There are certain things in this world that confirm the axiom, less is more.
Eminent futurist Buckminster Fuller spent much of his time articulating his theory of “Ephemeralization” that explained we could do “more and more with less and less until eventually you can do everything with nothing.”
Fuller’s theory seems to have inspired the Waterwheel, an alternative water transportation device designed by Wello, a group focusing on the water crisis.
Wello believes that much of a woman’s time in the developing world is spent collecting water. Miles must be walked, and the weight of water is intense.
So the Waterwheel is an innovative alternative. The center of the design is a wheel made of hard plastic that doubles as the tank. The wheel can hold 50 liters of water, which, Wello explains, is between three and five times more than what woman are able to carry by hand.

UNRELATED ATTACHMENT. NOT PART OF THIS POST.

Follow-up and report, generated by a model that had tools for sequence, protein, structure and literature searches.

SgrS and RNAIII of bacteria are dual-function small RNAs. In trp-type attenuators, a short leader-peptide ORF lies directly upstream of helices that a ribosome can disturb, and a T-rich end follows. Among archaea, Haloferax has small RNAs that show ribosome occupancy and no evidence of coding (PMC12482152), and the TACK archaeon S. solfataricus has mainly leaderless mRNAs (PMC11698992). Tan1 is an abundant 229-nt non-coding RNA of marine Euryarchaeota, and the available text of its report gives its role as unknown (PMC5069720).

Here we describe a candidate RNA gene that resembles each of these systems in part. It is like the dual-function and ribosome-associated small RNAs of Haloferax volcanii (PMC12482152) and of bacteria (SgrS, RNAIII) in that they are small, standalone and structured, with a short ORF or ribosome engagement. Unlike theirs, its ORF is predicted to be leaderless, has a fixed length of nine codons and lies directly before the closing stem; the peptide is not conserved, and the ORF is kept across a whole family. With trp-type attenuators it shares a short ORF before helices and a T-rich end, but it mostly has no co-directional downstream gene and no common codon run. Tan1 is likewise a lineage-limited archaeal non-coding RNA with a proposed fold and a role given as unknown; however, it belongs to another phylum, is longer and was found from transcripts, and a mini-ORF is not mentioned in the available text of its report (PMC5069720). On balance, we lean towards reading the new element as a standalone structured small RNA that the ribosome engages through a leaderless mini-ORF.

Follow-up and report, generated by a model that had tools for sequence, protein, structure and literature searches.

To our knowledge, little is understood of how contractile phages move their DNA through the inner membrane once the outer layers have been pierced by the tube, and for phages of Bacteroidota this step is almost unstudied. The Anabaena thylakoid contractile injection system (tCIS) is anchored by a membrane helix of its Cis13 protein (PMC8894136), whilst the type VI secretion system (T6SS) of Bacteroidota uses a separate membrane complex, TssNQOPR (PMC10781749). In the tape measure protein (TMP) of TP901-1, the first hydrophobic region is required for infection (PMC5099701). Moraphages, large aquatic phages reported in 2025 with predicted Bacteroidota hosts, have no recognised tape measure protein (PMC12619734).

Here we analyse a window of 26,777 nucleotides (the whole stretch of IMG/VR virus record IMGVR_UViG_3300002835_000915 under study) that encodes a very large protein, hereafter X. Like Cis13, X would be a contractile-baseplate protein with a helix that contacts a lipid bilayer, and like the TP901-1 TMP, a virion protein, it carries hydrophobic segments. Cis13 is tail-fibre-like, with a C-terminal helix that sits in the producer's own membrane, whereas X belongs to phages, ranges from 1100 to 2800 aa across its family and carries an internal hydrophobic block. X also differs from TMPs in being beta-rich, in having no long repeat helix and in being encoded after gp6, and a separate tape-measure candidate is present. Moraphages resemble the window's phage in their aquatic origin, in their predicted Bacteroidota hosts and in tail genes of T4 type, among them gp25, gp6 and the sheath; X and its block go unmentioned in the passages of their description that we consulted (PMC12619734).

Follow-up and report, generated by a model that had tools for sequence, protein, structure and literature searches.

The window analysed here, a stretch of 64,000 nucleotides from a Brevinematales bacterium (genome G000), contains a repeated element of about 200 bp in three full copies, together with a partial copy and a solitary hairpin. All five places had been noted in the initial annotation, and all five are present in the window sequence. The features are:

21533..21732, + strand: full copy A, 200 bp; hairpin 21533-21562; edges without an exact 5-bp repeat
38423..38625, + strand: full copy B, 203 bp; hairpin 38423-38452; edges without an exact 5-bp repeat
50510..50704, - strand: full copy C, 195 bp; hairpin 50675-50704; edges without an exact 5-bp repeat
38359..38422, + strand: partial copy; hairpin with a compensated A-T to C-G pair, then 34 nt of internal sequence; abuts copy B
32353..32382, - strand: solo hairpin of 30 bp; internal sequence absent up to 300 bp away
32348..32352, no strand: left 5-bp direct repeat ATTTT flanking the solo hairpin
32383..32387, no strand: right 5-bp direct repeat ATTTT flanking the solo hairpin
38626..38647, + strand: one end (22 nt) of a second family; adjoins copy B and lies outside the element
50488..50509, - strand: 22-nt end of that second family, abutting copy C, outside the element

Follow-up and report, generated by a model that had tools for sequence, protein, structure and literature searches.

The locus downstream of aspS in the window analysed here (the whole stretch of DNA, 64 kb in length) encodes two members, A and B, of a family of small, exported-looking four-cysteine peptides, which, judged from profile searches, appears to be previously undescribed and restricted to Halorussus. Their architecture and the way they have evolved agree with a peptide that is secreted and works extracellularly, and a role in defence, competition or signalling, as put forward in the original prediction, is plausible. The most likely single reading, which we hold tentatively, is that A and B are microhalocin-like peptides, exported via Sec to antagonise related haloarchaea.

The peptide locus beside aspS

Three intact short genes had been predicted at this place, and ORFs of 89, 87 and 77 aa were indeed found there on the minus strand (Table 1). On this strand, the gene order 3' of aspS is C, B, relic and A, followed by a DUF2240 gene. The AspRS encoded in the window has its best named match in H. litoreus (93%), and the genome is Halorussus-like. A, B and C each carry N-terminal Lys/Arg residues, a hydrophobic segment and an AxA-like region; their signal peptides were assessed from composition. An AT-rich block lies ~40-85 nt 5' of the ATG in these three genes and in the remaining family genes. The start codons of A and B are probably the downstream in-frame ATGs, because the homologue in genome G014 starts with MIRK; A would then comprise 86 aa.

With a nod to vernacular design, the Waterwheel is influenced by the matka, a traditional earthenware pot common to the Indian subcontinent.
After filling up the wheel, women can push it back home with more ease than before.
Wello believes that with less time devoted to collecting water, women in developing countries will be able to invest in health, education and income for their families.
Fuller’s idea that we will continue to do more with less is a reality with a tool like the waterwheel. But where else can we improve the efficiency of time-intensive and repetitive tasks?
Photo Credit: Wello Water
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